A new cancer study has found that the sexually transmitted virus that causes cervical cancer also increases the risk of certain types of throat cancer among people infected through oral sex.

According to the study unprotected oral sex is one of the major causes of a disease often associated with smoking and alcohol abuse.

Maura L. Gillison, an assistant professor of oncology and epidemiology at the Johns Hopkins Medical Institutions in Baltimore, conducted the study.

It involved 100 participants with throat cancer and 200 without it.

She concluded that those with the human papilloma virus (HPV) were 32 times as likely to develop one form of oral cancer than those free of the virus.

“It makes it absolutely clear that oral HPV infection is a risk factor,” she said about the study published in the New England Journal of Medicine.

The conclusion based on the test is that the more oral-sex partners a person has, the greater the risk of contracting oral cancers, which are located in the tonsils, back of the tongue and throat.

The new findings could explain the rise of oral cancer over the recent years especially in younger generations who typically smoke and drink less.

The findings provide new evidence that contradicts widespread misconceptions about oral sex.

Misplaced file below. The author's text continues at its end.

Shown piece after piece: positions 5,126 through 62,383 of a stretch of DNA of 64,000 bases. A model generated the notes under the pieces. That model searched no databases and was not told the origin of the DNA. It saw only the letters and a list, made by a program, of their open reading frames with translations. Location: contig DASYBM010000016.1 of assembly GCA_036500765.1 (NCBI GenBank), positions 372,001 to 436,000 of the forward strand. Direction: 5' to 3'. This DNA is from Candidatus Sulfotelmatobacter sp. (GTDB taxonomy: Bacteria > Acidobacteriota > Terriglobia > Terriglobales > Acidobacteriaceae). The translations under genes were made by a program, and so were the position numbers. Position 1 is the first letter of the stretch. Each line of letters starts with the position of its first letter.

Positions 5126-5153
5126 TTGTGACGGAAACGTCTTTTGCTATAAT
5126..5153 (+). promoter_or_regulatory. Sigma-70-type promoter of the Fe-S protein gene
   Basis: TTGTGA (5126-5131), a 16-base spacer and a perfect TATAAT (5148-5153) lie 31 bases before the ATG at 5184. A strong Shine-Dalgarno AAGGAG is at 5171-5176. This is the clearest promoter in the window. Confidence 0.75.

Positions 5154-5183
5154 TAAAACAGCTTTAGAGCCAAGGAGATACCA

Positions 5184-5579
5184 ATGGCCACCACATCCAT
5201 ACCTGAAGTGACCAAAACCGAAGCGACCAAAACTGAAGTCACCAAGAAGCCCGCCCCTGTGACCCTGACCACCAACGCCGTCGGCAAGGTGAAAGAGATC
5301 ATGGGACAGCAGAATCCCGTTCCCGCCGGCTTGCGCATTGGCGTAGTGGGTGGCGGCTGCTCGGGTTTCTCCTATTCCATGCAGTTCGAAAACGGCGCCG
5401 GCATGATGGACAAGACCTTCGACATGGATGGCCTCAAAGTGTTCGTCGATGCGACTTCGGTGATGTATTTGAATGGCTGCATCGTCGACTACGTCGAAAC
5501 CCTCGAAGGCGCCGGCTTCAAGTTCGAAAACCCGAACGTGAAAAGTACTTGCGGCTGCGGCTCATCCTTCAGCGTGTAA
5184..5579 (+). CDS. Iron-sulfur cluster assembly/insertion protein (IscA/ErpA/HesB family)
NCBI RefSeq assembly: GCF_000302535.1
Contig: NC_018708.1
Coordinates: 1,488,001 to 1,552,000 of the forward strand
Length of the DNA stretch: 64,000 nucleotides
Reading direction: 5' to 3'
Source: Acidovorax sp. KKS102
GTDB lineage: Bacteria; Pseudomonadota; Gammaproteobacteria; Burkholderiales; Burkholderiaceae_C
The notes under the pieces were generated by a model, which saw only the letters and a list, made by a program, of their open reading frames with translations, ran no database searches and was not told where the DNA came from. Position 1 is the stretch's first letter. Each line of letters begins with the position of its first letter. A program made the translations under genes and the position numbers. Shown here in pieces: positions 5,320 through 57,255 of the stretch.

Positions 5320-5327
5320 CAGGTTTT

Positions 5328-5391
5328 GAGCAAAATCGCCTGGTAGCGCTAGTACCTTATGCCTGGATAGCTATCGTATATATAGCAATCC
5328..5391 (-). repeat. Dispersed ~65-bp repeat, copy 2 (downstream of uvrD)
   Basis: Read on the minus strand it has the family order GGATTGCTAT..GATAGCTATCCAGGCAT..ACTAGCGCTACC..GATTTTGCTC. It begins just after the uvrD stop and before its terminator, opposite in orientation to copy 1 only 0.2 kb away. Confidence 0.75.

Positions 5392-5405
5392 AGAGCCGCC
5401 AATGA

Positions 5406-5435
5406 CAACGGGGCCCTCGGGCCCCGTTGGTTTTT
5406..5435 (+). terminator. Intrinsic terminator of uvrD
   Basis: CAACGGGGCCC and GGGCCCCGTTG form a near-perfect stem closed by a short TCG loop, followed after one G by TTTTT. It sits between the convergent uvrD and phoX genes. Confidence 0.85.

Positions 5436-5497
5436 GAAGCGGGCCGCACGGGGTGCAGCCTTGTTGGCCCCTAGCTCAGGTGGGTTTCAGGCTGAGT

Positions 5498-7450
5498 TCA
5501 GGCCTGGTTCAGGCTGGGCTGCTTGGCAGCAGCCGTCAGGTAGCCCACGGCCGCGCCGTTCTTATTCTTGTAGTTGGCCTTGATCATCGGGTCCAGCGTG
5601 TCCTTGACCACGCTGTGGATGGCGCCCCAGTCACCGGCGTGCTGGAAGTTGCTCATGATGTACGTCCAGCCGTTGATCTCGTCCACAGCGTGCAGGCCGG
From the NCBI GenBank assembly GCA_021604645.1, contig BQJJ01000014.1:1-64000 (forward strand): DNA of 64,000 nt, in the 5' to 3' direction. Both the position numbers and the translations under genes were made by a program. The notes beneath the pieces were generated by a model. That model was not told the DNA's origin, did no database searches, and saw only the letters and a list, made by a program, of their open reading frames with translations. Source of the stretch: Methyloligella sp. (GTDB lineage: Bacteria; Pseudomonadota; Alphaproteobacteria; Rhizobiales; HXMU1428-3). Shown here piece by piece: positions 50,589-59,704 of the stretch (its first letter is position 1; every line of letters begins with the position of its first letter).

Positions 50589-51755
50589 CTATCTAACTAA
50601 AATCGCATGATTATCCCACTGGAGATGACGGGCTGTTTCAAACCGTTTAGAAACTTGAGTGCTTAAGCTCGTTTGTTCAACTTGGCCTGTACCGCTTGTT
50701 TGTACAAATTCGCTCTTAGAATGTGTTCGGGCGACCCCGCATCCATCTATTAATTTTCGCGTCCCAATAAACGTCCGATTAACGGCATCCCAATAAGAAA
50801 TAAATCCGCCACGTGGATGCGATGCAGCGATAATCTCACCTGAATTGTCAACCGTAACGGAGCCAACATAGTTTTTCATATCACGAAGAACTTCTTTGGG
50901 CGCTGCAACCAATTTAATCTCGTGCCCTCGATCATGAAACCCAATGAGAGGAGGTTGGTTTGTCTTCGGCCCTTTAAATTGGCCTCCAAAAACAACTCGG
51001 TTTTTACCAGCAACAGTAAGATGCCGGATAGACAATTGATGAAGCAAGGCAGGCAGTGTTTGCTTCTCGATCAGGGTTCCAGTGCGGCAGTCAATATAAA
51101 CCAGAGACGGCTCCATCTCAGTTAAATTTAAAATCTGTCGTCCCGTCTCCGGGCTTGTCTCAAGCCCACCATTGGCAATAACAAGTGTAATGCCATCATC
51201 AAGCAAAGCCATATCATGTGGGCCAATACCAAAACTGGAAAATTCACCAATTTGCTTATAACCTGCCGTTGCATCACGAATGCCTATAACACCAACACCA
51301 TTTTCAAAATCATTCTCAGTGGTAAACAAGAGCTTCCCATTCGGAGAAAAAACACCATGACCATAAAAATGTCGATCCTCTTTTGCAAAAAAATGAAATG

“Many adolescents, and adults too, say they engage in oral sex as a less risky type of sex,” Mark A. Schuster of Rand Corp. and UCLA, told the Washington Post.

“What this article and others show is you absolutely can get serious sexually transmitted diseases through oral sex.”

The study could also boast support for a wide spread use of a new vaccine that would help prevent HPV.

Dr. Gillison added:

“People should be reassured that oral cancer is relatively uncommon, and the majority of people with oral HPV infection probably will not get throat cancer.”

There was no conclusion on whether kissing poses any risks on spreading HPV, but “it is not out of the realm of possibility,” Gillison said.

Currently there is no screening test for oral cancer, which is usually detected by sores in the mouth that will not heal.

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